'Best in Blu-ray' is a weekly column that will run on Tuesdays and examine the week's new Blu-ray releases while focusing on recommending titles for both the Blu-ray veteran and newbie.
For Blu-ray Vets:
Twitter Tag Line: Alfred Hitchcock's classic stars Anthony Perkins as a motel operator with a mother fixation.
New Special Features: One new extra on transforming the original mono audio track into 5.1 surround sound for the first time. DVD Beaver notes a couple of omissions from the UK Steelbook edition.
Transfer/Audio: The new transfer looks "for the most part ... amazingly impressive." (DVD Beaver) However, the new 5.1 surround sound audio track, "while sporting excellent fidelity ... seems largely unnecessary for what this film is attempting to do." (Blu-ray.com)
Replay Value: The shock value of watching the film for the first time diminishes with repeat viewings, yet knowing the fate of the characters intensifies the suspense. Freed from unraveling the mystery, it's easier to appreciate all the unique directorial flourishes that decorate the narrative. Multiple viewings allow the deep-rooted chills to creep into your bones.
Further Reading: Cinematical's Todd Gilchrist considered the film's "Shelf Life" recently, observing that it still "works beautifully as a horror film, murder mystery and character study all at the same time."
Also consider: 'Seven Samurai' (The Criterion Collection)
For the Newbies:
'Apocalypse Now' (Three-Disc Full Disclosure Edition; also available as Two-Disc Special Edition)
Twitter Tag Line: Francis Coppola's 1979 epic is available as the original "conventional war movie" and as a "surreal exploration of morality," in the director's own words.
Why See It (Again): The film received new life when Coppola added 49 minutes of material and re-edited the entire picture, creating the more surreal 'Apocalypse Now Redux,' which was released in 2006 as part of a two-disc DVD edition marketed as 'Apocalypse Now: The Complete Dossier.' However, Coppola agreed with cinematographer Vittorio Storaro, who insisted that the original theatrical aspect ratio of 2.35:1 was not suitable for home video and so the DVD had an odd 2:20 aspect ratio, and some scenes were recomposed to fit that aspect ratio. The new edition features the original theatrical aspect ratio.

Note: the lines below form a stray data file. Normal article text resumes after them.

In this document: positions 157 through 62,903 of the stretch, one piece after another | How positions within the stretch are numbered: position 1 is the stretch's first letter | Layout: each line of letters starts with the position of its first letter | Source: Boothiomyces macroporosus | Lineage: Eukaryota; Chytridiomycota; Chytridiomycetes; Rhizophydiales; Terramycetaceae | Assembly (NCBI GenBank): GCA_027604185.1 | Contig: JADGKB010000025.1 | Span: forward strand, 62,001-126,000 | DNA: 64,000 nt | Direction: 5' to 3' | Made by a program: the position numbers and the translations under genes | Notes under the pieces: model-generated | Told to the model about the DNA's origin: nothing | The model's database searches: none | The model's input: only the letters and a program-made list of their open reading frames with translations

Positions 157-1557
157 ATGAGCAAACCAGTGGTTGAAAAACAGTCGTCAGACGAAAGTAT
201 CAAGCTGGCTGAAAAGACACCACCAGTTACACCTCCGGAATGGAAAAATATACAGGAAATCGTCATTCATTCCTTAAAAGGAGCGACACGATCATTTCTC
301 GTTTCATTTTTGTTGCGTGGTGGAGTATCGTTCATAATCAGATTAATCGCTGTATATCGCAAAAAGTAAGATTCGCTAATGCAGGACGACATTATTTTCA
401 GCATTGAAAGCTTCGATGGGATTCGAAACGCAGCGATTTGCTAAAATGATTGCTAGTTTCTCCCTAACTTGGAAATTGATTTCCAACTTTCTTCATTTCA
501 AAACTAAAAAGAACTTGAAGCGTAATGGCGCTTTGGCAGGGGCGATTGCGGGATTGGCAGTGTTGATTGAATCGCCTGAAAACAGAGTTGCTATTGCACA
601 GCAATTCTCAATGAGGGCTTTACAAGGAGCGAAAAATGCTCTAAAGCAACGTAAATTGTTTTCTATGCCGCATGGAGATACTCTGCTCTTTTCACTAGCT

What to Look For: The "Three-Disc Full Disclosure Edition" includes the essential 'Hearts of Darkness: A Filmmaker's Apocalypse,' a 1991 documentary by George Hickenlooper and Fax Bahr that features many new interviews and incorporates footage shot by Eleanor Coppola on location. Watch both the original 1979 version and 'Redux' and note the differences in tone that result from Coppola's attempts to make the film more conventional (1979) and more surreal (2001). The copious extras on the three-disc edition, which go into exhaustive detail, make it the one to buy.
Further Reading: Drew McWeeney at HitFix has an excellent review of the film and the Blu-ray, which he calls "the absolute last word on the film."
Coolest Special Feature:
Twitter Tag Line: Baz Luhrmann's dazzling, dizzying musical stars Nicole Kidman, Ewan McGregor and 40 million fast edits.
Details: "Spectacular Spectacular Picture-in-Picture Mode" enables a visual element to the audio commentary: "Little windows pop up, sometimes more than one at a time, with song credits, photos, raw or behind-the-scenes footage, plus we can branch off to additional video pods." (Big Picture Big Sound) "Jam-packed with content, including: commentary from Baz Luhrmann and others, behind-the-scene footage, trivia, still shots, and more. The PiP window is always bustling with some sort of information, the end result being a comprehensive and interactive way to view the film." (n:zone magazine)
Most Intriguing Rental:
'The California Kid'
Twitter Tag Line: Martin Sheen stars as a hot rod driver investigating the death of his brother.
Why Seek It Out on Blu-ray: Made for television in 1974, the film was never released on theaters and has been seldom seen since, finally securing a DVD release in 2007. It features an early performance by Nick Nolte, a good star turn by Sheen, and a good villain in Vic Morrow, plus the eye candy bonus of Michelle Phillips and plenty of classic car lovin'.
Why Rent and Not Buy: This writer has a powerful memory of the film from its first broadcast, but those without the same nostalgia from the period may be less inclined to shell out good money for what may be an above average TV movie of the week, but little more. Still, Sheen + Nolte + Morrow = sure thing rental value.
More New Blu-ray Releases:
'Harry Potter and the Prisoner of Azkaban,'
'Harry Potter and the Goblet of Fire'
Baz Luhrmann Spotlight:
'Romeo + Juliet'
'Make Out with Violence'
'Until the Light Takes Us'
'Vampire Girl vs. Frankenstein Girl'
'The Rocky Horror Picture Show' (The 35th Anniversary Edition)
'Night of the Demons'